Promoting Active Reading Skills

Placing prompts throughout a text challenges students to analyze and interpret what they read—improving reading comprehension. 

September 12, 2019
Alice Mollon / Ikon Images

Reading comprehension is an important skill throughout all grade levels, and students who struggle to comprehend texts may disengage from learning. Engaging instructional practices allow students to form a connection with the content.

Confident and successful readers engage with the material. A strategy called “Stop and Think” gives teachers across content areas and grade levels a tool to implement in their classes to enhance their reading instruction. When reading is modified with purposeful questioning, students have enhanced comprehension and engagement. 

Create the Prompt

When I implement this strategy with my students, I read through a text and write questions as I read. These can include personal reflections like a reaction or opinion about the text. They may include more specific questions if I identify certain passages that display different content. After my own text annotations are completed, I use that material to design prompts for the students. In student copies of the text, I purposefully place the prompts throughout to promote a fluid but thorough reading experience. The placement of a prompt is determined by its purpose. For example, if students are being encouraged to make inferences prior to reading, the prompt will be placed at the beginning of the text. I use the heading “Stop and Think” in all caps and then insert a question or prompt.

Student responses display their comprehension of the text. These responses from students can be used to informally or formally assess students. Teachers can also use the responses from students to guide further reading instruction. For example, if students are asked to summarize a section of the text and they cannot adequately do so, the teacher will know that more instruction is needed. Teachers should be using the responses to guide their instructional choices for the needs of their students. 

Differentiated Assessment and Instruction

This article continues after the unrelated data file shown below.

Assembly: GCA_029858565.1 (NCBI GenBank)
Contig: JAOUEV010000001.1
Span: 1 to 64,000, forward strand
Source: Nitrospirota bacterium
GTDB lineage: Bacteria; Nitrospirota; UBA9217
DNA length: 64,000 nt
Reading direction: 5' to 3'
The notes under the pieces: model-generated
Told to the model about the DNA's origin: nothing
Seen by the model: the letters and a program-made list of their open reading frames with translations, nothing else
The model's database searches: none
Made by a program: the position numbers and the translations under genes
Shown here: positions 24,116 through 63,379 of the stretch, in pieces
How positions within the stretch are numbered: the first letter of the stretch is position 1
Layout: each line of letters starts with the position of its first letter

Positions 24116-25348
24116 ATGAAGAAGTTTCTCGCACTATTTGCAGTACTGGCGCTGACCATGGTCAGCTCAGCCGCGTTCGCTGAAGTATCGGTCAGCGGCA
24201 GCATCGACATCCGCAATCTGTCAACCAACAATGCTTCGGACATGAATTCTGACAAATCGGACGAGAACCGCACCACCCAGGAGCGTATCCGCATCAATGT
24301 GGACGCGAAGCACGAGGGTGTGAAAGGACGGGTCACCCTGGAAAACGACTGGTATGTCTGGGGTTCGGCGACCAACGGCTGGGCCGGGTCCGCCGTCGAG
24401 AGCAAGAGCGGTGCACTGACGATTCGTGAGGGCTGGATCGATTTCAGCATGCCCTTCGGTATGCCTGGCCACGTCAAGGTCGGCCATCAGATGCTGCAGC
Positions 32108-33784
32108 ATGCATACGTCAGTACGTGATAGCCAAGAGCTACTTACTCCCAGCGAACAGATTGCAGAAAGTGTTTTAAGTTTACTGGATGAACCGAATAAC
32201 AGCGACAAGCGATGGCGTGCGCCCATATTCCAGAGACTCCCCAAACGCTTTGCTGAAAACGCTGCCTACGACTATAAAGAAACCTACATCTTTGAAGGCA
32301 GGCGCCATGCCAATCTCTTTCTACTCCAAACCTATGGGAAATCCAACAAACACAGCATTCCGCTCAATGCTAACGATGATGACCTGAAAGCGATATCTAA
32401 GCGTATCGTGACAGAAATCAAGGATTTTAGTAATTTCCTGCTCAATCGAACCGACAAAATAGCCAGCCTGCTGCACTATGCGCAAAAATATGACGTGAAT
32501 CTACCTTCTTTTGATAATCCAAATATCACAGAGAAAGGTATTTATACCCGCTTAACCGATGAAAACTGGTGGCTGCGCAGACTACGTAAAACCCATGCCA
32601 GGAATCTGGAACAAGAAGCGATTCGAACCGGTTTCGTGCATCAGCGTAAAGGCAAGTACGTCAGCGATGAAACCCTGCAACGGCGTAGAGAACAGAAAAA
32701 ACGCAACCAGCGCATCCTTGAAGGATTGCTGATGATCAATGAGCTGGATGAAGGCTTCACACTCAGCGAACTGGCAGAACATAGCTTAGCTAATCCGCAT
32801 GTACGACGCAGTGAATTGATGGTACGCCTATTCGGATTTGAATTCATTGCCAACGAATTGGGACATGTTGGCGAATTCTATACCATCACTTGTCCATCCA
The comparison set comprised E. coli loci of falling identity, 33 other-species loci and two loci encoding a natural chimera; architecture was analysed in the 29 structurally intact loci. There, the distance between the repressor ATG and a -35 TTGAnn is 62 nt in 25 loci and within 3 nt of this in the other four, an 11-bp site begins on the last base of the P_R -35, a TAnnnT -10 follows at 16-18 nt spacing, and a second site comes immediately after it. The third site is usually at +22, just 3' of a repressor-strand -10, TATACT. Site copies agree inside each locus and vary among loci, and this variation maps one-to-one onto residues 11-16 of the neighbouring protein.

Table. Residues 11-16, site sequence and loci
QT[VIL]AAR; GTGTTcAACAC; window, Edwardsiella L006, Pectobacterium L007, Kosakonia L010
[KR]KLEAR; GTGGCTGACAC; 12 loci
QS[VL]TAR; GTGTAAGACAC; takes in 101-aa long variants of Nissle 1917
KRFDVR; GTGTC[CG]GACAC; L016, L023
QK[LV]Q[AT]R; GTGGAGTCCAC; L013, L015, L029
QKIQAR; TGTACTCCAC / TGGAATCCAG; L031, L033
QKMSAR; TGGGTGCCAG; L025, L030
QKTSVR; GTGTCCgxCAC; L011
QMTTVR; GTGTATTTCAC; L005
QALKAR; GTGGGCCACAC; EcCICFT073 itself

The Stop and Think strategy enables teachers to differentiate instruction. Some prompts may require students to make inferences, while others may ask students to pose questions. When crafting Stop and Think prompts, consider the following: 

  • Who are your learners? Do you have students who are below grade level for reading? What are their learning preferences, and how can you use that in your prompts? For example, can students draw a visual summary of a passage instead of writing?
  • What do they need to enhance their comprehension of the text? What are specific reading skills that they need to practice?
  • What specific skills do the standards dictate that the students must master?

Using different levels of language in the prompts accommodates varying levels for individual students. For example, my prompts for a College Prep English II class are different than my prompts for my Honors STEM English III class. Use knowledge of the needs of students when creating their guided reading prompts. 

Consider where prompts should be placed throughout the text. Purposeful and intentional placement can emphasize different reading skills. For example, teachers can have students make inferences solely based on the title by placing a prompt below the title of a text. Also, teachers can place summarizing and reflecting prompts in the middle and end of especially compelling sections. By sprinkling a text with prompts for students, the teacher can promote active reading skills for their students. 

Stop and Think prompts encourage engagement throughout the reading of a text. They also encourage students to dive deeper into a text. Instead of simply skimming a text, students are challenged to interpret and analyze it. 

Beyond Paper

The Stop and Think strategy can be utilized with online tools as well. If students use programs like Google Docs to interact with texts, teachers can share a document with their students with prompts included. Students can use the comment feature to respond to each of the prompts. Another online tool that can be used with this strategy is Seesaw, which provides many different outlets for communication and collaboration. Prompts can be shared through this program for students to analyze and record their responses with written text, pictures, or audio. 

Teachers across content areas are being encouraged to implement effective literacy strategies throughout their instruction. Stop and Think can be used in classes of all levels and content areas. With any text, teachers can construct prompts that address literacy standards and requirements for their content areas. Asking students to explain their motives when solving a math program or doing a chemistry experiment reinforces content while promoting deeper engagement. 

When we promote active reading skills, we engage students in reading. Using Stop and Think, teachers create intentional and purposeful reading instruction to enhance student learning. 

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Filed Under

  • Literacy
  • Teaching Strategies
  • 3-5 Upper Elementary
  • 6-8 Middle School
  • 9-12 High School

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